Technology has taken over much of the world, including transportation.
ECM downloads can predict the activity of engines, refrigerated trailers speak to the language of temperature variations from pick up to delivery, satellite tracking provide real time delivery of location, movement of vehicles, technology is improving lane assistance awareness while dash cams record a multitude of information both while in motion and while stable. The future dictates that technology will become more refined and defined both with equipment and the ability to accept and transport freight with more knowledge than ever before.
As easy as technology makes it easy to communicate and transact business, it certainly has its pitfalls
Technology translates into more money. More money to purchase the equipment as well as inflating the cost to repair both at the shop and at the roadside. Just a question – will freight rates keep up with the rising costs of equipment, claims and repairs? They should as it makes sense but in reality I fear the true answer.
What about technology as it relates to operations? What about public profiles both with the MTO and the FMCSA? The public has a calico of information at their fingertips by inserting a name and a click of a button. Especially when inquiring plaintiff counsels want to scrimmage to divulge disparaging information on a carrier. Diligence if ever before is needed to ensure that infractions are combated and checks on a monthly basis to protect the integrity of the company profile. Many times the MTO / FMCSA will record inaccurate information on a carrier’s profile. It’s difficult six months down the road to attempt to remove this information from a SMS or CVOR report. Sometimes, it can affect insurance consideration or rating. It’s far too late at renewal time to start to clean up incorrect information so the suggestion to keep monthly awareness of the public reports should not be cast aside.
As we finish of the first quarter of 2019 it’s a chance to reflect on the New Year. The new year of many changes. Elog technology for cross border drivers has been the education curve during the past couple years but now elogs lies on the horizon for Canadian carriers. When is the good time to start investing and educating? Certainly not at the last minute. There is an adaptation period to transition from paper to technology. Start embracing the process now, reach out and gather the feedback from current users.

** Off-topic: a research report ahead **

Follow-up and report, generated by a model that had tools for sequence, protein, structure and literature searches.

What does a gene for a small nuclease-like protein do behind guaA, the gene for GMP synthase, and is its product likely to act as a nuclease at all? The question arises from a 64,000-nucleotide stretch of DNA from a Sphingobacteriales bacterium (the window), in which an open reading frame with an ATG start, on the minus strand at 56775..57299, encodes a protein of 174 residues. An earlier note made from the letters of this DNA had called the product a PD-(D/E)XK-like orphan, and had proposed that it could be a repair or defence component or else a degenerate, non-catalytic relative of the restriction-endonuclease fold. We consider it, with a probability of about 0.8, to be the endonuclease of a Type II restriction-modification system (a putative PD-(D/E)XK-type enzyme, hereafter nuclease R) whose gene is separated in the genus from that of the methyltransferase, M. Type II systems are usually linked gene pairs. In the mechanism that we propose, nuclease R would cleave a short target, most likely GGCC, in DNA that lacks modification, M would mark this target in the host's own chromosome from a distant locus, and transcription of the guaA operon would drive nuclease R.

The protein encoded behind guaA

More importantly we will see the immediate future dictate that dash cams and other technology be a part of our everyday lives in transportation. In addition on many levels there will be a focus on how the Carrier educates and trains their driver force. It always has been an expectation but the ease of technology will deny any excuse for not enforcing continual education for drivers, regardless of their tenure with a company. Online training is a great resource. Remedial training both theory and commentary will be necessary to refine skills that are forgotten or merely to capitalize on a refresher course. Being a driver is a profession. Education is needed to update skills and techniques and it needs to be documented. If it isn’t documented, it cannot be proven that it happened. Another thought, would one have confidence in a surgeon who graduated twenty years ago and never updated or upgraded any knowledge, skills or techniques? I for one would be extremely cautious and seeking an alternative.
Technology has been great in many ways, cumbersome to adapt at times but it is how life is now and in the future. Hang on 2019 we are ready for you and here we come!
Linda started her career in the insurance industry in 1979 and gravitated toward the niche market of transportation insurance in 1986. Linda has been active in the transportation community since her beginnings and is a Board Member with the Durham Region Transportation Association. Since 2006, Linda has been contributing relevant industry articles in Ontario Trucking monthly periodicals